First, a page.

Migration Guide

In this chapter we try to give some advice on what needs to be done to migrate an existing Webware for Python application to Webware for Python 3.

Regarding the API, we tried to stay compatible with Webware for Python 2 as much as possible, even though modern Python uses different naming conventions and prefers the use of properties over getter and setter methods. So, in this regard, we expect a migration to Webware for Python 3 to be very smooth. The main points in a migration will be the conversion of the application from Python 2 to Python 3. the adaptation to the use of the WSGI standard instead of the custom application server, and maybe the usage of Webware plug-ins that are not supported anymore and may need to be migrated as well.

Check which Webware plug-ins you were using

First you should check whether the plug-ins your application is using are still available as built-ins plugin of Webware for Python 3 (w4py3) or as externally provided plug-ins. PSP is still provided as a built-in plug-in. MiddleKit is now provided as an external plug-in on GitHub (w4py3-middlekit). The “COMKit”, “CGIWrapper” and “KidKit” built-in plug-ins have been discontinued. Other external plug-ins that have been developed for Webware for Python 2 must first be ported to Webware for Python 3 before you can use them. See the section on Plug-ins for details on how to write plug-ins for Webware for Python 3.

Migrate your application to Python 3

The main migration effort will be porting your Webware application from Python 2 to Python 3. More precisely, Webware for Python 3 requires Python 3.6 or newer. This effort is necessary anyway, if you want to keep your Webware application alive for some more years, because the Python foundation declared to end Python 2 support on January 1st 2020, which means that Python 2 will also not be supported by newer operating systems anymore and not even get security updates anymore. The positive aspect of this is that your Webware application will run slightly faster and you can now make use of all the modern Python features and libraries in your application. Particularly, f-strings can be very handy when creating Webware applications.

We will not go into the details of migrating your application from Python 2 to Python 3 here, since much good advice is already available on the Internet, for instance:

Note that some of the how-tos also explain how to create code that is backward compatible with Python 2, which is much more difficult than just porting to Python 3, as we can do when migrating a Webware application to Python 3. So don’t be frightened by the seeming complexity of the task – it is probably much easier than you may think.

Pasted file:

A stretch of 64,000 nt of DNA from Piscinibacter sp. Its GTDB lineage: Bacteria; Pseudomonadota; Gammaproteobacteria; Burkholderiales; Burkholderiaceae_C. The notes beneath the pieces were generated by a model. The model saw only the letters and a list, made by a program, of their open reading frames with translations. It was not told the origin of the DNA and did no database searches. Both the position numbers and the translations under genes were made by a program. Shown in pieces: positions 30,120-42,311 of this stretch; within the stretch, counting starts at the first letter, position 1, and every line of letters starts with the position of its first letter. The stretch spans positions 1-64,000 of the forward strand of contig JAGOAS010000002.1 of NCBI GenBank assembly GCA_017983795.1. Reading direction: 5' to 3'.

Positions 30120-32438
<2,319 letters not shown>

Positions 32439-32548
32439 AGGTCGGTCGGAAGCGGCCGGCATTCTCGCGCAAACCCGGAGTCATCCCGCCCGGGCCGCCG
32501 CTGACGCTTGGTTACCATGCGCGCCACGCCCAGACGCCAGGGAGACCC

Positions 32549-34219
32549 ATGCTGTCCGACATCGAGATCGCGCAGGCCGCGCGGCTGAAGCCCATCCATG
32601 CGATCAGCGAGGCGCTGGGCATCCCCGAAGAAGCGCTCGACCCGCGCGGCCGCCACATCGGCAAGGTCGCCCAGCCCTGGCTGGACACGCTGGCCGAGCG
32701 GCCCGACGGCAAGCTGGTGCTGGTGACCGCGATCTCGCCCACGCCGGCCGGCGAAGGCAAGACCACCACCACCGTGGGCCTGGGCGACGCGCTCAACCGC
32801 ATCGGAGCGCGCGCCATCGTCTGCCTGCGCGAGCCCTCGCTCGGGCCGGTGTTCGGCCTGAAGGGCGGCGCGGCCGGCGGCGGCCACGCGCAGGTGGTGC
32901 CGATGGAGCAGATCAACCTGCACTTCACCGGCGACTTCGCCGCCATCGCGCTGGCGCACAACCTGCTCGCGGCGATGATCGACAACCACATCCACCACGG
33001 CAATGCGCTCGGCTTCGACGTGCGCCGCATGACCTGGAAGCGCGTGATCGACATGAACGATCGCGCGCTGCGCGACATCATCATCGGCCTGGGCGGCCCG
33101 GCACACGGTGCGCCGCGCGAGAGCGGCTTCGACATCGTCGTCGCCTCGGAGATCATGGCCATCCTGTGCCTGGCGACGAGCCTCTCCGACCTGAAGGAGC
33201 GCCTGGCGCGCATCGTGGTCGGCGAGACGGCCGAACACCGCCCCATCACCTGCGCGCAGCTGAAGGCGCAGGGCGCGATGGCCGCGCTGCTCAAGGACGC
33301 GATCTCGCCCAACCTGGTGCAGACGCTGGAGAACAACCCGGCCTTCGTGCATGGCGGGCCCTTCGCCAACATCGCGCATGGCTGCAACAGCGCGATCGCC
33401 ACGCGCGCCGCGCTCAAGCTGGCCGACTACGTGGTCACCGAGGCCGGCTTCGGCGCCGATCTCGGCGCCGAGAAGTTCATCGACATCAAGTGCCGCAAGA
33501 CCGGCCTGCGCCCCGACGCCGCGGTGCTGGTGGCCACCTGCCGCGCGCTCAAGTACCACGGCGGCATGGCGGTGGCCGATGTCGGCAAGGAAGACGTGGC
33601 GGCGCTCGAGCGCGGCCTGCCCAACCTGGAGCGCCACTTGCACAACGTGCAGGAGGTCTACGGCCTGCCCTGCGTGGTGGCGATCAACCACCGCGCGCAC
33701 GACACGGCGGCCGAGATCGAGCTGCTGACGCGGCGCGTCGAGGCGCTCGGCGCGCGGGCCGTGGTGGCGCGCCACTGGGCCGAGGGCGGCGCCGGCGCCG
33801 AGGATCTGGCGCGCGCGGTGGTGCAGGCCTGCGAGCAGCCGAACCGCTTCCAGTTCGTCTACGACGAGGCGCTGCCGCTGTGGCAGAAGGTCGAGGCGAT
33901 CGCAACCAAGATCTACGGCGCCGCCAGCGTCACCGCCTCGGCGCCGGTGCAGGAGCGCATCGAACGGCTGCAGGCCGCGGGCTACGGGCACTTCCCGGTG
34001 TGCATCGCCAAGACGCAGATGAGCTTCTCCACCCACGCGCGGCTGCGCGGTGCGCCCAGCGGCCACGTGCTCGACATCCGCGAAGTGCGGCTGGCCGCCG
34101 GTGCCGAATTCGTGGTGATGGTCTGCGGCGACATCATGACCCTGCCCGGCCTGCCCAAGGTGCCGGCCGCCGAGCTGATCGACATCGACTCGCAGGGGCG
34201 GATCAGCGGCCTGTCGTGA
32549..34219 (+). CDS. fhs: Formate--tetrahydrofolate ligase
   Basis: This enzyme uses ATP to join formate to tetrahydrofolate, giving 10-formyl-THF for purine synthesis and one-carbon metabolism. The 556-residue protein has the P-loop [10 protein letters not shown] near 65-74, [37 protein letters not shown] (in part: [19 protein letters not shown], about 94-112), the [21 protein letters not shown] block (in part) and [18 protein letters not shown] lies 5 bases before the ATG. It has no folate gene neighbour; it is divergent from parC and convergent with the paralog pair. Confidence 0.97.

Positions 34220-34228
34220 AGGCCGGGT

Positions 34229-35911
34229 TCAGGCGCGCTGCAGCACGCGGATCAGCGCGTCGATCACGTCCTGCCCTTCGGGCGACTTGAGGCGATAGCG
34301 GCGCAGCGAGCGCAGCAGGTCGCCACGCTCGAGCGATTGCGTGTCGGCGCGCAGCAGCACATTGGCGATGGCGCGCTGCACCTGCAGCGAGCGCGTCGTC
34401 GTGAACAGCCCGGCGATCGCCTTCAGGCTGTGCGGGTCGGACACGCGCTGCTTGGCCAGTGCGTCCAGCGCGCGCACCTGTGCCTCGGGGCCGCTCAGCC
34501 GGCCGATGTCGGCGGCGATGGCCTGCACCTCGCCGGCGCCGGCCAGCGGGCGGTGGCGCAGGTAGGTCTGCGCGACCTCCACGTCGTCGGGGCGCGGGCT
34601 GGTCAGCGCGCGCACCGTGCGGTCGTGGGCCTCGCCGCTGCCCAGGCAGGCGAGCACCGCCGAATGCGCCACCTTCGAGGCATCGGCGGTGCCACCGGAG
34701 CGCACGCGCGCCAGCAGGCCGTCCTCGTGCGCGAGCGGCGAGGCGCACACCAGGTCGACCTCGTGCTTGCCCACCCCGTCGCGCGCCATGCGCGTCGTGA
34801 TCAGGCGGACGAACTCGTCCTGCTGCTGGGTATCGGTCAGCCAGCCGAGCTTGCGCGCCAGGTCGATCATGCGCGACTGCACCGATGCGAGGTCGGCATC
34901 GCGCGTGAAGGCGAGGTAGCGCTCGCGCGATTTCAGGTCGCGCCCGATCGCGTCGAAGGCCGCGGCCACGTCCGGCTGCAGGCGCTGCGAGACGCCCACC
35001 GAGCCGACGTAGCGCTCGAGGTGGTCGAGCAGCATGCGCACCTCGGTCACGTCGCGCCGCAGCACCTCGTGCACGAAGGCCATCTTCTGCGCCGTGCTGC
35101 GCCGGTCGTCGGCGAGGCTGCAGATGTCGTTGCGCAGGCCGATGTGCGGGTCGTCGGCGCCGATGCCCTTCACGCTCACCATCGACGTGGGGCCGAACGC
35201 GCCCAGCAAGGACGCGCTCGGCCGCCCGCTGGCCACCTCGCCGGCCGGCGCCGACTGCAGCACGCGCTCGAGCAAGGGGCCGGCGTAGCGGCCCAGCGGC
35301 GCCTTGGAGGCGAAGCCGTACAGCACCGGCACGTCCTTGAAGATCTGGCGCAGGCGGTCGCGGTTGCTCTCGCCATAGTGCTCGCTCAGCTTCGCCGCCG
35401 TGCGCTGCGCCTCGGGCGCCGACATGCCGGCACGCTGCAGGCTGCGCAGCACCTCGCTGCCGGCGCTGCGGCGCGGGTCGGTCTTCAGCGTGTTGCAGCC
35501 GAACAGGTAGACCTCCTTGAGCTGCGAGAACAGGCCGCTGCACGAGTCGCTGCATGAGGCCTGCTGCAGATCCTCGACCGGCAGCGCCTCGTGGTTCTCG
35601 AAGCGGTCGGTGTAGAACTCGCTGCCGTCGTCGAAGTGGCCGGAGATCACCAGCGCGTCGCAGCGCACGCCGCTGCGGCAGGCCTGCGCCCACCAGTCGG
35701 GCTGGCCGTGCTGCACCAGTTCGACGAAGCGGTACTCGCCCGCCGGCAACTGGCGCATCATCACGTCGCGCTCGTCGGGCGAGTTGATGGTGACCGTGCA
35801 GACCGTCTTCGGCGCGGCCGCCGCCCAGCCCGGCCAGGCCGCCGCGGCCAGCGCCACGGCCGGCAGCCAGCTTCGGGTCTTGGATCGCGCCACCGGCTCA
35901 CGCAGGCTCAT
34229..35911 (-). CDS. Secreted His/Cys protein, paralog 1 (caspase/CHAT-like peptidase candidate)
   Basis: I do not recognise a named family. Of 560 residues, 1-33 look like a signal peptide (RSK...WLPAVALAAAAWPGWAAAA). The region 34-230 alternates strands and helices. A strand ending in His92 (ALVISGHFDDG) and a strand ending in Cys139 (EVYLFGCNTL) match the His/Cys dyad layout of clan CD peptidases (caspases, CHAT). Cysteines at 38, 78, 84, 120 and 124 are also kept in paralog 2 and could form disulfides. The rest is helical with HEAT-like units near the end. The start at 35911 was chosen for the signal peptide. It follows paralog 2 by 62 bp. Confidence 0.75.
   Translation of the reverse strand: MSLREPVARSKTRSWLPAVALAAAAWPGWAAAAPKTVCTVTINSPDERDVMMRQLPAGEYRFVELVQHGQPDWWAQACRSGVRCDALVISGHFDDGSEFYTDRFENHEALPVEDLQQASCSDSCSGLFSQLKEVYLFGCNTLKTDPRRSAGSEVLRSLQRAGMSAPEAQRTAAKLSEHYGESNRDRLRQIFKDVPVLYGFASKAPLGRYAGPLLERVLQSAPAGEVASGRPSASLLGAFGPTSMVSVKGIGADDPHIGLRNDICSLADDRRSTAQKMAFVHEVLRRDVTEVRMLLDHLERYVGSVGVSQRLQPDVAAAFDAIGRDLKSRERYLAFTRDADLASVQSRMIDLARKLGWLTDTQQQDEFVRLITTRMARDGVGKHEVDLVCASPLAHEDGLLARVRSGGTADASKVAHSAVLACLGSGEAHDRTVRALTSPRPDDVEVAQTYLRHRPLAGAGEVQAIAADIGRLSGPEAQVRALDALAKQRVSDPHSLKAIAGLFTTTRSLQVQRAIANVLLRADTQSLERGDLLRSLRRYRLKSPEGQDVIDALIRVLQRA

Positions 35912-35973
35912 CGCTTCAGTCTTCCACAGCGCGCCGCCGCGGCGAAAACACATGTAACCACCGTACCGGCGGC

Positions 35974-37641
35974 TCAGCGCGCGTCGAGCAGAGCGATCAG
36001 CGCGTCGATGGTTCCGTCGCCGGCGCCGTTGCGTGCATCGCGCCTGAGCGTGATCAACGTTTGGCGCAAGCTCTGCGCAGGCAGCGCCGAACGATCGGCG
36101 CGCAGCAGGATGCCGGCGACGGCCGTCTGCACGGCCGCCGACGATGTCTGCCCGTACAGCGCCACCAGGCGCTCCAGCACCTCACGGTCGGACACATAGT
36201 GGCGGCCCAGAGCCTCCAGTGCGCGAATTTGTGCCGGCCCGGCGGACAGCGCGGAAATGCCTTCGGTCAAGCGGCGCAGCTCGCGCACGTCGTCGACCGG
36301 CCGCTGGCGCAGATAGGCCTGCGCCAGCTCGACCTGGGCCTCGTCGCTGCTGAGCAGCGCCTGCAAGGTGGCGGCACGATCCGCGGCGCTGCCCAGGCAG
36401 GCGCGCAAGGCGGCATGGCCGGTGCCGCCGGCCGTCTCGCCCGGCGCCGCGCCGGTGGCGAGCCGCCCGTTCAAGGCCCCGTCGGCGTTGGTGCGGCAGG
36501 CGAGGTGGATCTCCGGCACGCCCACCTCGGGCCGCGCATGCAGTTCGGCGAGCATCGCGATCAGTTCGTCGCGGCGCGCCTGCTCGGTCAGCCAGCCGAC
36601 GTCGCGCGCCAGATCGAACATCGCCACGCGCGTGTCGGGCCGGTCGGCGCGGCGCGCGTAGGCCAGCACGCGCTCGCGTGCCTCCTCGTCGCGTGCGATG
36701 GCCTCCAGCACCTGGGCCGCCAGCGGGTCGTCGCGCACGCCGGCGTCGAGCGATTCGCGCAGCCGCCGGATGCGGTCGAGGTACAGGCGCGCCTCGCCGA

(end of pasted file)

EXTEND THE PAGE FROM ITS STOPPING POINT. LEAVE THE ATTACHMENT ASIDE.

One of the biggest problems when migrating a Python 2 application to Python 3 is often the fact that in Python 3, strings are now always Unicode, while in Python 2, the native strings were byte strings and you had to add a “u” prefix to indicate that a string should be Unicode. However, this should not be a big issue when converting a Webware for Python application. Code such as self.write('<p>Hello, World!</p>') does not need to be modified. The fact that the string that is written to the output stream had been a byte string in Python 2 and is a Unicode string now in Python 3 is a detail that you as the application developer do not need to care about. Webware for Python 3 will encode everything properly to UTF-8 for you behind the scenes. If necessary, you can also change the output encoding from UTF-8 to something else with the OutputEncoding setting in the application configuration, but nowadays, UTF-8 is the usual and normally best choice.

Traditionally, Webware applications used simple print statements to output error or debug messages for logging or debugging purposes. You will need to change these print statements with print function calls when migrating from Python 2 to Python 3. In a future version of Webware for Python, we may change this and support a proper logging mechanism instead.

Use a WSGI server instead of the WebKit application server

The other big change is that instead of using the custom “WebKit” application server, Webware for Python 3 utilizes the WSGI standard as the only way of serving applications. You will need to adapt your deployment accordingly. See the section on Deployment for instructions on how to get your application into production using WSGI.

Search your application for direct references to the AppServer instance which does not exist anymore in Webware for Python 3. In most cases, you can replace these with references to the Application instance which also serves as the WSGI callable.

Also, search for references to the former WebKit package. This package does not exist anymore as separate plug-in in Webware for Python 3, its classes can now be found directly in the top level package of Webware for Python 3. So an import statement like from WebKit.Page import Page should be changed to a simple from Page import Page.